Cohen said that nasal irrigation is his first choice as a delivery method for chronic sinusitis because it targets the source of the problem and is likely to produce low systemic exposure, but mucosal absorption is something that might need to be investigated. He added that because bitter taste receptors are being found all over the body, however, the possible effects of any absorption are hard to predict.

Vijay Ramakrishnan said that the study of airway taste receptors is still in its infancy. "Modulation of this system may have a number of unforeseen downstream effects, and the interactions with other immune defense mechanisms are just now being explored."

He added that preclinical models might be of limited predictive value because animal models of upper respiratory infections do not closely mimic the human system.

Ramakrishnan is an assistant professor of rhinology and co-director of the Skull Base Program at the University of Colorado Denver School of Medicine.

Cohen said that his group will look for alterations in thyroid function-a possible side effect suggested by the similarity of another TAS2R38 agonist, propylthiouracil (PTU), used to treat goiter. He added that impaired olfactory function is also something that should be considered with any intranasal medications.

Cohen told SciBX that it is unclear what the regulatory path for these compounds might be. "At this point, we are unsure about how the FDA will look at the taste receptor modulators. These are tested substances, but they will be administered through a new route," he said.

Sweet taste receptor antagonists such as lactisole are already available on the market as food additives. Bitter taste receptor agonists are used as aversive agents to prevent accidental ingestion of various substances.

According to Desrosiers, there are no therapeutics specifically approved for chronic rhinosinusitis on the market. "It was only recently that the FDA even recognized, defined and offered guidance on chronic rhinosinusitis. It is mostly guesswork using a variety of off-label antibiotics and steroids," he said.

Cohen told SciBX that although the group has tested food additives and aversive agents, it is also looking for new bitter taste agonists and sweet taste antagonists with higher affinities than the available compounds. The compounds being considered for clinical testing are undisclosed.

Personal taste

One major challenge is finding the right agent to use in any individual because of the variety of pathogens that can cause rhinosinusitis and the genetic variability of taste receptors.

"There is a huge uphill battle for clinical trials aimed at providing efficacy in the indication because this is not a single disease caused by a single agent," Cohen said.

"We know that there are multiple bitter taste receptors that each respond to different types of pathogens," he said. "For example, TAS2R38 responds to Gram-negative bacteria, and data suggest that there may be other receptors that exist for Gram-positive bacteria. Each of these receptors has complex genetics, and it is possible that if you have a mutation in one, you could be susceptible to a certain type of infection."

Daniel Hamilos, an associate professor of medicine at Massachusetts General Hospital, said that because the team showed that problems in bitter taste receptor signaling are associated with impaired sinonasal immunity, the team will next need to determine whether taste receptor modulation is effective at restoring receptor-mediated immunity in patients with receptor mutations.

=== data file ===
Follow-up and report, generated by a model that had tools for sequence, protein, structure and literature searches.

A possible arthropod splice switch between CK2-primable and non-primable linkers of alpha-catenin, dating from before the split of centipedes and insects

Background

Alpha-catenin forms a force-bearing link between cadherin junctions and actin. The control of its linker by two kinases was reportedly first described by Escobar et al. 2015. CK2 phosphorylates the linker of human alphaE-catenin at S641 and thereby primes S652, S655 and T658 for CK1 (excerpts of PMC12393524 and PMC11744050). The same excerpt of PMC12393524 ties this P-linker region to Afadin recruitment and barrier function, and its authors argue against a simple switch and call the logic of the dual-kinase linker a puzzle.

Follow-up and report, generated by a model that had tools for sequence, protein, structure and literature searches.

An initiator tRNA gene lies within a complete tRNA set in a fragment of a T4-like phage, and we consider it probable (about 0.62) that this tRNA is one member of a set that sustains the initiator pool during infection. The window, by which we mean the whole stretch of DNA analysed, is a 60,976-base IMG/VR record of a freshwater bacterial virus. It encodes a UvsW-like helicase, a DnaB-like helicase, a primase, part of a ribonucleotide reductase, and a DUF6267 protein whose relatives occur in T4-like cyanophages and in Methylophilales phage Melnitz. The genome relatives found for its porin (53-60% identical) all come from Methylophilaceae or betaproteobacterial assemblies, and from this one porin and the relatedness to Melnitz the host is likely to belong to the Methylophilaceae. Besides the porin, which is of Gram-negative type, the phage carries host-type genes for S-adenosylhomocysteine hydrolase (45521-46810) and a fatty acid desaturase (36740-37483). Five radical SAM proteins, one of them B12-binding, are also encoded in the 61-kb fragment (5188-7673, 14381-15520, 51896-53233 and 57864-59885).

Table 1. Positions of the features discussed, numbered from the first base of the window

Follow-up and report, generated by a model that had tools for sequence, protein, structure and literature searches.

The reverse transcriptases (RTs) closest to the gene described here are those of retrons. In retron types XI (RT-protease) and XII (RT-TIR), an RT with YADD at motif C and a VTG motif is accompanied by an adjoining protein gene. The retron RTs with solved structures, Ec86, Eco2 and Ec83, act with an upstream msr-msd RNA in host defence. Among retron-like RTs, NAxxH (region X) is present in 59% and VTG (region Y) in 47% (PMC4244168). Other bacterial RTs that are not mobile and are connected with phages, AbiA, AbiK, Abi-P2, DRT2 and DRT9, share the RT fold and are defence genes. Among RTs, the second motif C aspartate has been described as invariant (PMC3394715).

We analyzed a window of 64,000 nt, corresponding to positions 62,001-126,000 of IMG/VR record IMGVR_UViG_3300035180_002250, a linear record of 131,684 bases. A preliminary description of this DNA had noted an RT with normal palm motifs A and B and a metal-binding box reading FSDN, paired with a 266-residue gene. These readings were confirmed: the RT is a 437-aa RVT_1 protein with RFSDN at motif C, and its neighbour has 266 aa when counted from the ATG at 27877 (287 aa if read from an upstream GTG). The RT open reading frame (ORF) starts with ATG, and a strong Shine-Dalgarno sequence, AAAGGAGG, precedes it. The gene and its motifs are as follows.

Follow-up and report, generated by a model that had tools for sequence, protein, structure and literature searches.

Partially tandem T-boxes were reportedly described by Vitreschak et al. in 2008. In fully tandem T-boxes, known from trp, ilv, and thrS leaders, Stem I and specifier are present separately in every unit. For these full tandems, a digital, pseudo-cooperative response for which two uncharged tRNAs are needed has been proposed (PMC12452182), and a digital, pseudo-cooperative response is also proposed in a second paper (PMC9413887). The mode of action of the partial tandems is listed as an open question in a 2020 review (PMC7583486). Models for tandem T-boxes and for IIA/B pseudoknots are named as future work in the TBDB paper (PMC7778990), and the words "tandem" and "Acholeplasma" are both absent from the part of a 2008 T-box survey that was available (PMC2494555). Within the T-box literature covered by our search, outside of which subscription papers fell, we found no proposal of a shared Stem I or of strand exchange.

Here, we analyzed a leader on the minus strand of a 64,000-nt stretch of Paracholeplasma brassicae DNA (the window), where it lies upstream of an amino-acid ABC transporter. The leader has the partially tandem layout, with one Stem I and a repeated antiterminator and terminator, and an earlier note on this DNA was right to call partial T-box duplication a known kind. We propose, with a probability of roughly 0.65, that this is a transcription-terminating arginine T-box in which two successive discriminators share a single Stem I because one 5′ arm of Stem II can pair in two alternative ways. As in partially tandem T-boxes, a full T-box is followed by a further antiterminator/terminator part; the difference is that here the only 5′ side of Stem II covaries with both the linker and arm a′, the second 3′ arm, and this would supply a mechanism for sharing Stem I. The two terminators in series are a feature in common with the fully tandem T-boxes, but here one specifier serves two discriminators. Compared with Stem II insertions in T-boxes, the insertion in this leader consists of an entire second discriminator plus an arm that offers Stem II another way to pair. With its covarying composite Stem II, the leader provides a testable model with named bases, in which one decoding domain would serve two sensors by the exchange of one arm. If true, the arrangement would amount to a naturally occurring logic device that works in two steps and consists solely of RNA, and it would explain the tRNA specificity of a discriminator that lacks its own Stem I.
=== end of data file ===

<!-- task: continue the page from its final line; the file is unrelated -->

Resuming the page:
According to Thomas Finger, it may be possible to design a therapeutic that stimulates the pathway downstream of the taste receptor to bypass problems of receptor variability. Finger is a professor of cell and developmental biology at the University of Colorado Denver School of Medicine.

Cohen told SciBX that his team is working on a diagnostic test using taste testing to identify pathogens responsible for chronic rhinosinusitis in individual patients.

"We think taste receptor function in the nose may mimic that of the tongue, and it is possible to test for specific taste receptor stimulation on the tongue. This could be developed as a comprehensive diagnostic to help identify certain individual susceptibilities. An inability to taste one bitter receptor agonist could help indicate susceptibility to chronic infections by a particular bacterial or fungal species," he said.

Ramakrishnan said that the next steps for diagnostic development should be to develop a more complete understanding of the different taste receptors in the human airway epithelium, establish what pathogenic species the receptors can detect and identify the genetic and acquired defects in the receptor pathways.

According to Cohen, the diagnostic potential could go beyond identifying the specific pathogenic species that cause disease in patients.

"This type of diagnostic may also help predict whether patients would benefit from sinus surgery. Some patients don't respond well to surgery and some actually get worse. We've found that it may be possible to predict whether patients will benefit from surgery based on receptor genotype."

Cohen said that the UPenn team has filed a patent application covering the work. The IP is available for licensing.

Martz, L. SciBX 7(12); doi:10.1038/scibx.2014.331
Published online March 27, 2014

REFERENCES

1.   Lee, R.J. et al. J. Clin. Invest.; published online Feb. 17, 2014; doi:10.1172/JCI72094 Contact: Noam A. Cohen, Perelman School of Medicine at the University of Pennsylvania, Philadelphia, Pa. e-mail: cohenn@uphs.upenn.edu

2.   Lee, R.J. & Cohen, N.A. Am. J. Rhinol. Allergy 27, 283-286 (2013)

3.   Lee, R.J. et al. J. Clin. Invest. 122, 4145-4159 (2012)

COMPANIES AND INSTITUTIONS MENTIONED

The Children's Hospital of Philadelphia, Philadelphia, Pa.

Intersect ENT Inc., Palo Alto, Calif.

Massachusetts General Hospital, Boston, Mass.

Monell Chemical Senses Center, Philadelphia, Pa.

University of Pennsylvania, Philadelphia, Pa.

Philadelphia VA Medical Center, Philadelphia, Pa.

University of Colorado Denver School of Medicine, Aurora, Colo.

University of Montreal, Montreal, Quebec, Canada

University of Pennsylvania, Philadelphia, Pa.